The Telegraph
Since 1st March, 1999
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A cheap-petrol pipedream without oil for Delhi money machine

New Delhi, April 20: Do you know you could buy petrol — in India — at Rs 13.50 a litre' And at a price lower than that of diesel, if only by 20 paise'

You can’t because of the government. The Centre and states collect the difference between Rs 13.50 and the price at which you buy petrol, which now costs Rs 32.49 in Delhi where it is the cheapest among the metros.

Diesel, minus taxes, would have cost Rs 13.70 a litre. Its current Delhi price is Rs 21.12.

Truckers, on strike across the country, are protesting against a 50-paise levy slapped on petrol and diesel in this year’s budget that has raised prices again. They have other grievances, which may or may not touch a chord among people, but their action has again brought the element of tax in petroleum prices in focus.

At current petroleum prices and rates of taxation, Central and state taxes work out to around Rs 20 for petrol and Rs 10 for diesel, both per litre.

Local levies vary from state to state. In Mumbai, for instance, petrol costs the most among metros at Rs 37.52. So does diesel.

Even accounting for interstate differences, Union and state taxes comprise as much as 60 to 65 per cent of the retail price of petrol and about 40 to 50 per cent of diesel.

From every litre of petrol, the Centre collects Rs 14.50 and states the rest. The Delhi government, for example, takes Rs 4.49.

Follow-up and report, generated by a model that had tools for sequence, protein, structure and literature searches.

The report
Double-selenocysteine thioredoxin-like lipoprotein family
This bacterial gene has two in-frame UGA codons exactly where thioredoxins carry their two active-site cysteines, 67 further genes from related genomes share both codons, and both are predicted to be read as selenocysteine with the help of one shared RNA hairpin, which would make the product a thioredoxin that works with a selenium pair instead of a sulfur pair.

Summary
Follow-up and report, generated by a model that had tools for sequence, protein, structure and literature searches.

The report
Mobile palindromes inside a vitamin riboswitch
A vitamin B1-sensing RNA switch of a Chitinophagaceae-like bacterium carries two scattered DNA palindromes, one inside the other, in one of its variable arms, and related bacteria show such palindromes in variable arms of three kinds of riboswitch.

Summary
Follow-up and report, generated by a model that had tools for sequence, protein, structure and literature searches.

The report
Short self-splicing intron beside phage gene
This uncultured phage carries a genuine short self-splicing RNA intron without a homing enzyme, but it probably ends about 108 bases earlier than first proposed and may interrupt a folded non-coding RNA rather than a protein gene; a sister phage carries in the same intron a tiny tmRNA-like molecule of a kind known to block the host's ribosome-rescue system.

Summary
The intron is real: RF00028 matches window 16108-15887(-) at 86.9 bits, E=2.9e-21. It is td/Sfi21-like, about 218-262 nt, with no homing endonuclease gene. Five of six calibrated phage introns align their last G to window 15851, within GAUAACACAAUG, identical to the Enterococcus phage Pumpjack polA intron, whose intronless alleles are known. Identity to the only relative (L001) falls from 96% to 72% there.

Petrol is taxed more because it is considered the rich man’s fuel, while diesel gets more respect because it is used in the politically sensitive transport and farm sectors.

Why are the taxes so high' First, because petrol has traditionally been used in India to subsidise diesel, kerosene and cooking gas. But after partial dismantling of government-controlled pricing, petrol and diesel are now linked to international prices.

Kerosene and cooking gas continue to be subsidised but the subsidy is shrinking and will shrink more. Or so the government has threatened.

Equally important, however, is the convenience in taxing petroleum as opposed to the difficulty in making people pay income-tax, for instance. Evasion is widespread in income-tax, sales tax and excise and the government has not been able to do much to contain it.

There is another benefit. Every time now international prices go up, prices in India rise, and the tax shoots up, too. Because the tax is collected as a percentage of the price. And this happens without much of a public outcry as the government does not have to make an announcement raising taxes, as it has to for income-tax or any other levy, often inviting huge protests.

Petrol and diesel prices were increased five times this year — the total impact adding up to Rs 4.57 and Rs 4.06 per litre, respectively — as international rates jumped in wake of the Iraq crisis. High prices are good for the government because it collects more taxes.

To protect the consumer from the burden of higher tax every time the price goes up, the petroleum ministry had recommended a flat rate of levy on every litre of petrol and diesel. Similarly, it had suggested that the import duty on crude oil should be collected at a flat rate.

It had pointed out that western countries and Japan follow this flat-rate system. Struggling to rein in the fiscal deficit, the finance ministry declined to let such easy pickings slip out of its hands.

If anything, the trend is in the reverse direction — wring petroleum as much as possible to finance dreams in high places. First, there was a Re 1 per litre cess on diesel and petrol to finance Prime Minister Atal Bihari Vajpayee’s Rs 54,000-crore national highway project.

Encouraged by the experiment, another 50 paise was loaded on in Jaswant Singh’s first budget this year to finance road development.

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